Taste for strength and sweetness. If it is too potent, add water or if too tart add more sugar. Strain the liquid through a fine sieve into a jar and refrigerate. (Discard the spices left in the sieve). The sorrel will stain so use a non-reactive glass jar or bowl. Don’t use plastic.

Recipe from: Recipezaar.com

Image from: Photobucket.com

Trinidad: Give me some doubles! (by Monica Johnson)

(Recipe by www.theonefour.com)

doubles, Trinidadian doubles, channa, bara

Doubles are sold as a convenient meal by street vendors in Trinidad and Tobago

If you go to Trinidad, you are sure to see this snack sold by street vendors. It’s called doubles. Doubles are said to have East Indian roots. Many East Indians, newly released from being indentured servants, chose to stay in Trinidad instead of returning to India; therefore, they needed a way to make money. Ever-enterprising, they set up small stalls to sell whatever they could, which just happened to include curried and fried channa (chick peas) in small paper cones. Later on, as the story goes, a vendor discovered that adding bara (East Indian fried bread) would make a nice little meal.

So now you’re wondering how did the name doubles come about, right? There’s always a story. So here it goes! The bara along with the channa caught on so well that people began asking the vendors to double up on the bara. And through the creativity of slang, the request was shortened to just asking for “doubles.” Now doubles are sold on wax paper for a quicker more cost-effective way of serving customers. See the recipe for doubles below.

Barra

2 cups of flour

1/2 tsp salt

1 teaspoon curry powder

1 teaspoon cumin

1/2 tsp ground pepper

1 teaspoon yeast

1/3 cup warm water

1/4 tsp sugar

1/4 cup oil for frying

Channa Curry

2 cups of chickpeas, canned or soaked over night and boiled until tender.

1 tablespoon curry powder

3 cloves garlic, minced

1 onion, sliced

1 tablespoon oil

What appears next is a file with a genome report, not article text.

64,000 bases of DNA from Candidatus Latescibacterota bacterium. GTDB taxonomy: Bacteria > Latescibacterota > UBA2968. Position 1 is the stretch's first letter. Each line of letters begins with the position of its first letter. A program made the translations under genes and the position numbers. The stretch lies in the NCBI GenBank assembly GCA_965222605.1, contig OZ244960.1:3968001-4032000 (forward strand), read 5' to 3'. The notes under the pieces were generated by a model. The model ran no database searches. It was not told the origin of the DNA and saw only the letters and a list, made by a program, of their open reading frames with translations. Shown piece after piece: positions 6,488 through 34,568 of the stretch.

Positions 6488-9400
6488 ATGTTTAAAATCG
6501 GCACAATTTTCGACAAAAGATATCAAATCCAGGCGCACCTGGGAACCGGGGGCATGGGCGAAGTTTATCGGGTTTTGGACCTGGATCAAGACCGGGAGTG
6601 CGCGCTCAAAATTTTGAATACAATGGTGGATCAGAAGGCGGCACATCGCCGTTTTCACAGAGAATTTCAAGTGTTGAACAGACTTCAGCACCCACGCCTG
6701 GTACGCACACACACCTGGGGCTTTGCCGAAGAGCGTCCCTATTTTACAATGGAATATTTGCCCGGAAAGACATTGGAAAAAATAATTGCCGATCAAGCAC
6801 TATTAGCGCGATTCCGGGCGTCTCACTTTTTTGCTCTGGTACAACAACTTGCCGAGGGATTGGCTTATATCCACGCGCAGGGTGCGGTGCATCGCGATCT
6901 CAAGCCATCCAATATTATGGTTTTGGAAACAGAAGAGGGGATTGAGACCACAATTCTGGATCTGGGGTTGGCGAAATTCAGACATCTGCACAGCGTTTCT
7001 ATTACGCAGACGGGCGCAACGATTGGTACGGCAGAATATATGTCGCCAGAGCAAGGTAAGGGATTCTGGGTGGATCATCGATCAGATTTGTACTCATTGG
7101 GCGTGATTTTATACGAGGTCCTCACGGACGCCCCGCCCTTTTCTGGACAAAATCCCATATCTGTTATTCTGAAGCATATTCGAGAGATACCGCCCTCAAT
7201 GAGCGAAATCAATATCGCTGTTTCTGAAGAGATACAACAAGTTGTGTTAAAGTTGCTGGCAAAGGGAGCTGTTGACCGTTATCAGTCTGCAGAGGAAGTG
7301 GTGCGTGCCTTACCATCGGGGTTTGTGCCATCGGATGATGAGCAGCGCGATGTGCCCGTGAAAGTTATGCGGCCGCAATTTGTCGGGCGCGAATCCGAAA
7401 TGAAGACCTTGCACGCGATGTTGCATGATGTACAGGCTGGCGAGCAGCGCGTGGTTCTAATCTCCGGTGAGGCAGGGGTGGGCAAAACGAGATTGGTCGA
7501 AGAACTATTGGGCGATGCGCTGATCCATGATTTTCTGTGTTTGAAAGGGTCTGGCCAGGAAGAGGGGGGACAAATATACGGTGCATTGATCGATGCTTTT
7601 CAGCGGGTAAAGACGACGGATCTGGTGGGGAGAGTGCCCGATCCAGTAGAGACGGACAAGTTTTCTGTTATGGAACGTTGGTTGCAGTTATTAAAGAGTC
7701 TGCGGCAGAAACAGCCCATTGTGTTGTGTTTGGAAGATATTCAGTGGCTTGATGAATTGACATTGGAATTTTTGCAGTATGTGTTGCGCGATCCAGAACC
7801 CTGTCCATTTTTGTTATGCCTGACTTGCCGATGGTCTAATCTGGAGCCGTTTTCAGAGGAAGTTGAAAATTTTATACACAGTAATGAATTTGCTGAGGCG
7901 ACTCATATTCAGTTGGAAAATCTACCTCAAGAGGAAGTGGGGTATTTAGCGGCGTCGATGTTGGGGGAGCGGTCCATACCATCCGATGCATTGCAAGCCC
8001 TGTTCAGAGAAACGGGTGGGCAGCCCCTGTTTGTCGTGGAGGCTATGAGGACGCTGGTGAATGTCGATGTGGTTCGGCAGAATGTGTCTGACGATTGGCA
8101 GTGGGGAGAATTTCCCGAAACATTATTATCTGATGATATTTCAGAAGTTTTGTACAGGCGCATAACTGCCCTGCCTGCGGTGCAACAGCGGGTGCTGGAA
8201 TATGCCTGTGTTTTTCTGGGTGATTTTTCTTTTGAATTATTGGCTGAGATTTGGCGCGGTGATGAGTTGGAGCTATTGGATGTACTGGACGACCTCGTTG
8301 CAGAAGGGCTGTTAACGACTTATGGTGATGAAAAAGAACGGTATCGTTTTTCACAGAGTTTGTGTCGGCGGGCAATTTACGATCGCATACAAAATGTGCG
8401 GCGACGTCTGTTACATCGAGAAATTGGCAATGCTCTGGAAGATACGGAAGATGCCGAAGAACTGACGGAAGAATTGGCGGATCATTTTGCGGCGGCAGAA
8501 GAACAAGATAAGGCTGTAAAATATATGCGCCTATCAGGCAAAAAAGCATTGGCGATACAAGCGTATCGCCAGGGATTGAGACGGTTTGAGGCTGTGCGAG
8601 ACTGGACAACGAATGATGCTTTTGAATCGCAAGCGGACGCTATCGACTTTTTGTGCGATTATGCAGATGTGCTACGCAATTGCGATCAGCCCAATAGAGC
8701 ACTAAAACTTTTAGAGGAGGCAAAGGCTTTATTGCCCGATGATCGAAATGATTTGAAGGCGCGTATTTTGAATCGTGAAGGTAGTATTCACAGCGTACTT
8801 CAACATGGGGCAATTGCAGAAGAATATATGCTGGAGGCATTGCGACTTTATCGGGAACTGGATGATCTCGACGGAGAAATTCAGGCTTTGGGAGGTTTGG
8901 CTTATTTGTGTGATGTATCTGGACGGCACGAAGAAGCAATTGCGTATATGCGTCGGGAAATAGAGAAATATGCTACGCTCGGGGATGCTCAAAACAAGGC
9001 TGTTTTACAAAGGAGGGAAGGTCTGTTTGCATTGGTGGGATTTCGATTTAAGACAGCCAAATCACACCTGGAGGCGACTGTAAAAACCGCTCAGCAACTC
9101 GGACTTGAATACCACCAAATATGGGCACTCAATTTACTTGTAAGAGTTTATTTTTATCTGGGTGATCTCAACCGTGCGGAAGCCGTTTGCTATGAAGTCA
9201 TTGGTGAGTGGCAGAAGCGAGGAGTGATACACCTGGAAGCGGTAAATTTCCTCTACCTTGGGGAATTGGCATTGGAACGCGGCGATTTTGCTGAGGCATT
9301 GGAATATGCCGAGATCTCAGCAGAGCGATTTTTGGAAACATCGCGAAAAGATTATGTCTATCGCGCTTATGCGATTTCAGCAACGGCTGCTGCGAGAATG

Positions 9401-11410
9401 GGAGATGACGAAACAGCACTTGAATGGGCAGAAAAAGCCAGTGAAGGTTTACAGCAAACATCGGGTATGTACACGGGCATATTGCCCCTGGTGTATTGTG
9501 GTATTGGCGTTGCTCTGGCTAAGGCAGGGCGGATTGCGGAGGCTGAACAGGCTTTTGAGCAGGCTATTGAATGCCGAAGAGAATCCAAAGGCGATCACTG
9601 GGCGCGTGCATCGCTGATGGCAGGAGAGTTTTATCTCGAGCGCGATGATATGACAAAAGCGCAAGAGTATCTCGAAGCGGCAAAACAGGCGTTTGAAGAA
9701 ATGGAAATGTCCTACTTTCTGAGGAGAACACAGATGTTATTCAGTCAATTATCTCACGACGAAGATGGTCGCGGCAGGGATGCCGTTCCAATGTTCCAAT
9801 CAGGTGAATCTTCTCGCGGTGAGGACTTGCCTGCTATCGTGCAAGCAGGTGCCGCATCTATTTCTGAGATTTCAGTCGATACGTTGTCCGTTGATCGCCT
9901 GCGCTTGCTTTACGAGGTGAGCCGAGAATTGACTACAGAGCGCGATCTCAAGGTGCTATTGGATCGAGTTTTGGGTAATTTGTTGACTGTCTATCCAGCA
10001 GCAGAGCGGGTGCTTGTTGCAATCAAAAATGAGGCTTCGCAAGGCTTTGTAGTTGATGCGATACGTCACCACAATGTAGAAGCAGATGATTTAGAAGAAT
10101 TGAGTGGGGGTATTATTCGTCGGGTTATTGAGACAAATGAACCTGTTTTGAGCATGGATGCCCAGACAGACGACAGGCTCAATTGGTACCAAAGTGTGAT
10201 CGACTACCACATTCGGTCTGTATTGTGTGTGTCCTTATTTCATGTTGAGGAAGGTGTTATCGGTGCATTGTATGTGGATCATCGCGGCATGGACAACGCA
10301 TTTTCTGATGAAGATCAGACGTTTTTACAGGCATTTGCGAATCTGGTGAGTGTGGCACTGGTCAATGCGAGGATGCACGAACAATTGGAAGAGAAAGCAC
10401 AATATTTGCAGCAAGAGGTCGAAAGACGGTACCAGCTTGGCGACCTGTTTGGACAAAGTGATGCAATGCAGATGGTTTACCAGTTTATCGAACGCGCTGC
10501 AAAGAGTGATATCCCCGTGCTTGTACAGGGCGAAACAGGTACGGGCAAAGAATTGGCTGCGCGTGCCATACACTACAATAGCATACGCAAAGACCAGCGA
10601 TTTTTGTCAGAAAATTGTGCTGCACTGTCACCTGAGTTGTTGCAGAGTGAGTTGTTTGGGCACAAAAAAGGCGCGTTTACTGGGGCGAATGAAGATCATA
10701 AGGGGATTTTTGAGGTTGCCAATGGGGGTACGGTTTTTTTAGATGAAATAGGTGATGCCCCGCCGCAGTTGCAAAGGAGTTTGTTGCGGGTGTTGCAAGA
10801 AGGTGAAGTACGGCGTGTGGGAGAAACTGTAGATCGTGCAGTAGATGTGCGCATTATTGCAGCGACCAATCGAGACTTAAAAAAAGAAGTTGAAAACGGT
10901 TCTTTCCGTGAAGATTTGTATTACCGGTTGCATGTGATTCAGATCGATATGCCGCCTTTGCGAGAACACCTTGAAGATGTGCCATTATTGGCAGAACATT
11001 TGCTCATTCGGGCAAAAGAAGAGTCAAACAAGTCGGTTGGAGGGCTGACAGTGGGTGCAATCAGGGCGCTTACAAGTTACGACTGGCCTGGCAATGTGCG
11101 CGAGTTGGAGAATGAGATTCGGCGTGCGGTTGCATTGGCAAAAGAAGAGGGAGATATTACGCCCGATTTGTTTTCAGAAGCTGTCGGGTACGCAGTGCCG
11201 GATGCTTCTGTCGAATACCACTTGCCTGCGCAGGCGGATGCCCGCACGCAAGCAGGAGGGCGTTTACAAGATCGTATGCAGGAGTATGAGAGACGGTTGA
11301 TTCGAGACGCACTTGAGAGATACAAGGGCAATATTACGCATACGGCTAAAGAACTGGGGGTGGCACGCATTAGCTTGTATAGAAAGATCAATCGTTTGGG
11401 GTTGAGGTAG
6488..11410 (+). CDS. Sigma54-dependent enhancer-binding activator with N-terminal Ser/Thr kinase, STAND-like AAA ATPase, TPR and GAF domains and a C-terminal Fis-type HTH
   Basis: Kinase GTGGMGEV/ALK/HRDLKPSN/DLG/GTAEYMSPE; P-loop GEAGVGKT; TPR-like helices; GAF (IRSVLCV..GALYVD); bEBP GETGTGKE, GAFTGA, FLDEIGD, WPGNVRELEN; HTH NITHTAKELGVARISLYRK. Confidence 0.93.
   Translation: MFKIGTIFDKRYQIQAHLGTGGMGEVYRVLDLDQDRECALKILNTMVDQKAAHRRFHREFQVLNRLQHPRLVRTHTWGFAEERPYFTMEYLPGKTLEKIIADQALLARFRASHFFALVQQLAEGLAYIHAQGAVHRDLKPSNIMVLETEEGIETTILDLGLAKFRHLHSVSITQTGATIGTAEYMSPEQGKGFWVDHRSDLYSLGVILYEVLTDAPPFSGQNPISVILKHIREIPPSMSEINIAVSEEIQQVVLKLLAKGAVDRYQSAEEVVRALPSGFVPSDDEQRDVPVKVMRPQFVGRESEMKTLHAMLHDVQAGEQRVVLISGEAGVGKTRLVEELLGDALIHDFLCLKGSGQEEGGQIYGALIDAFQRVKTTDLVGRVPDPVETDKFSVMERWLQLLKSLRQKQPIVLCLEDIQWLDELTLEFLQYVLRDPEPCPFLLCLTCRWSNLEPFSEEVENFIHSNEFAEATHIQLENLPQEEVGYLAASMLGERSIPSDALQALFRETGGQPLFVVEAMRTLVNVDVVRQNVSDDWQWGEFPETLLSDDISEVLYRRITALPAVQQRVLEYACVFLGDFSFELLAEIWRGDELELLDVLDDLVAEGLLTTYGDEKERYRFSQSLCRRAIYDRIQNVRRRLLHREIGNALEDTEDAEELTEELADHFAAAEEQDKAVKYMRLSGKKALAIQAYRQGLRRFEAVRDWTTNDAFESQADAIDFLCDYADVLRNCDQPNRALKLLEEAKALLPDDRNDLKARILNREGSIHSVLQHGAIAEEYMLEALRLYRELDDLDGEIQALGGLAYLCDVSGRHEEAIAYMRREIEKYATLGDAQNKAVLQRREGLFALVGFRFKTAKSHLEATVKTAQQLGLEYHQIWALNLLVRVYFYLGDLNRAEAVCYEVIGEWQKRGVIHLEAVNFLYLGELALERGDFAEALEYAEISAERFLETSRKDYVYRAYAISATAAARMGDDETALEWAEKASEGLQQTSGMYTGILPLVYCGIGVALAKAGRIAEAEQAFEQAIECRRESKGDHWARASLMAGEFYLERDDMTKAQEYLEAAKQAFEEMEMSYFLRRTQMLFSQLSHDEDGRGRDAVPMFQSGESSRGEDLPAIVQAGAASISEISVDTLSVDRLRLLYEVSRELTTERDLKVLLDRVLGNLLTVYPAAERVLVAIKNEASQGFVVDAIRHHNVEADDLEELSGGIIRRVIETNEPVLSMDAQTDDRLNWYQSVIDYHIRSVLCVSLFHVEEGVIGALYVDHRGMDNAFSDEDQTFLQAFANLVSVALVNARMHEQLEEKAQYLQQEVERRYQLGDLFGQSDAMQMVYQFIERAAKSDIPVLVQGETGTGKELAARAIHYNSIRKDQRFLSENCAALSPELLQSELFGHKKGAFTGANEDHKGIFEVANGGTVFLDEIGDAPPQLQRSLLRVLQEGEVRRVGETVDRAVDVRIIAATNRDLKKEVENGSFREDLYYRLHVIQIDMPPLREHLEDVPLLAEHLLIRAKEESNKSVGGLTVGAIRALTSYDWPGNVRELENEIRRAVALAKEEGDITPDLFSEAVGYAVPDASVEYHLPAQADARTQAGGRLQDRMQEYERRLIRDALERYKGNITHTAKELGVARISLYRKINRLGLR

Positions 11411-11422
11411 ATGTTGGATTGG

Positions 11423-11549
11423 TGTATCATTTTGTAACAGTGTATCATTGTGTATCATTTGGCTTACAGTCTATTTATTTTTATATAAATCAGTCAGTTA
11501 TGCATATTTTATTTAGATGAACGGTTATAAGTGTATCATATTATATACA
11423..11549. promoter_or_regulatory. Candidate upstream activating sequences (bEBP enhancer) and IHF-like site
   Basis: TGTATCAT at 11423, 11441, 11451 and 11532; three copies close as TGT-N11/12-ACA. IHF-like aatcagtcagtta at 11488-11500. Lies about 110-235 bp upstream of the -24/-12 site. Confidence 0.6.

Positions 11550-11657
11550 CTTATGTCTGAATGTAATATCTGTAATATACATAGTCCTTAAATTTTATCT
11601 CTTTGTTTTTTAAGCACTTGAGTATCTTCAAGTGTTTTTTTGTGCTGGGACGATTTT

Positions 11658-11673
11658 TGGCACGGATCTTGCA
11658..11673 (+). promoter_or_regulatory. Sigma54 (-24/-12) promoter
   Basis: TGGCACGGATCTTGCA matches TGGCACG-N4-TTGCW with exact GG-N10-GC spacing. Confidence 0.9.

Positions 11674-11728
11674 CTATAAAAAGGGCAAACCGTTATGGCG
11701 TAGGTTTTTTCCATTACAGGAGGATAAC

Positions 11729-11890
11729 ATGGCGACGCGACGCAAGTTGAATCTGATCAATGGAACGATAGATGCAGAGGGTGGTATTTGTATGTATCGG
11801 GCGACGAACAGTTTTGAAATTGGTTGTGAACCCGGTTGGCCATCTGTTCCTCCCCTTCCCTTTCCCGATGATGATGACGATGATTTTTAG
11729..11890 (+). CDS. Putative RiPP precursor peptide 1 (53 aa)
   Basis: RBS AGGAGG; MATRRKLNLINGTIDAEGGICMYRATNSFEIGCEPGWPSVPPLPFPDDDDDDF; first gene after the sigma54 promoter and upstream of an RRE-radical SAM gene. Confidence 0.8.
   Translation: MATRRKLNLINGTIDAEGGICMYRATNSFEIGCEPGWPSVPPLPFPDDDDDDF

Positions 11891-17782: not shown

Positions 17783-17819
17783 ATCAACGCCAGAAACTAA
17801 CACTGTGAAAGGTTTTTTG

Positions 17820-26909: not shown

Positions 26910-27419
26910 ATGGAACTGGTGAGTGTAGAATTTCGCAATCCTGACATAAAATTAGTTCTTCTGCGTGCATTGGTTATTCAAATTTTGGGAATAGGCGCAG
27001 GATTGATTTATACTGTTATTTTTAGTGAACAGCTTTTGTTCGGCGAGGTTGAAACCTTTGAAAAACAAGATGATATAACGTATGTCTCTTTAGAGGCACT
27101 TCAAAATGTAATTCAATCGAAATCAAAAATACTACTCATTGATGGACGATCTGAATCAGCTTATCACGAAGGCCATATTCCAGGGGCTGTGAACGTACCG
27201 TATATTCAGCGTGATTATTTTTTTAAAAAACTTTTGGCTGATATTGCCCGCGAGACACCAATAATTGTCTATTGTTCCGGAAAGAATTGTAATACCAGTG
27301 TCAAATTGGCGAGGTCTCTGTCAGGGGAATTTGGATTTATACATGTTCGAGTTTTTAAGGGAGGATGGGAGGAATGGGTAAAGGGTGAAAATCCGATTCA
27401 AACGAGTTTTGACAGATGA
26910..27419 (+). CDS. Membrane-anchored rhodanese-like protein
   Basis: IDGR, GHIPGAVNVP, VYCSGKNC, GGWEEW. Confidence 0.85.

2 tsp ground cumin

1 tsp ground allspice (if you have it)

1 tsp Pepper sauce

2 tsp salt

1 tsp black pepper

Instructions:

  • In a small bowl place the warm water, sugar and yeast and set to sponge for 5 minutes. In a large bowl combine the flour, salt, curry powder and cumin. Add the yeast mixture and enough water to make a slightly firm dough. Knead until the dough is no longer sticky, adding flour if necessary. Cover the dough with a damp cloth and allow to rise for an hour.
  • For the filling, heat the oil in a heavy skillet, saute the onions until they are translucent, and then add the garlic and spices. Saute for another minute or so and then add the water. Add the chickpeas and let simmer for 15-20 minutes. Add pepper sauce and season to taste
  • The dough should be punched down and allowed to sit for 10 minutes. To shape the bara, take 1 tablespoon of the dough and flatten to a round, 4 or 5 inches in diameter.
  • Wet your hands so that the dough won’t stick to them but not so much as to make the dough too wet to fry.
  • Fry the baras in hot oil until puffy (about 15 seconds per side), turning once and drain on kitchen paper. When all are cooked, fill with channa by placing a heaping tablespoon of the cooked filling on each bara and top with cucumbers and hot pepper sauce.

Historical information taken from Amazing-Trinidad-Vacations.com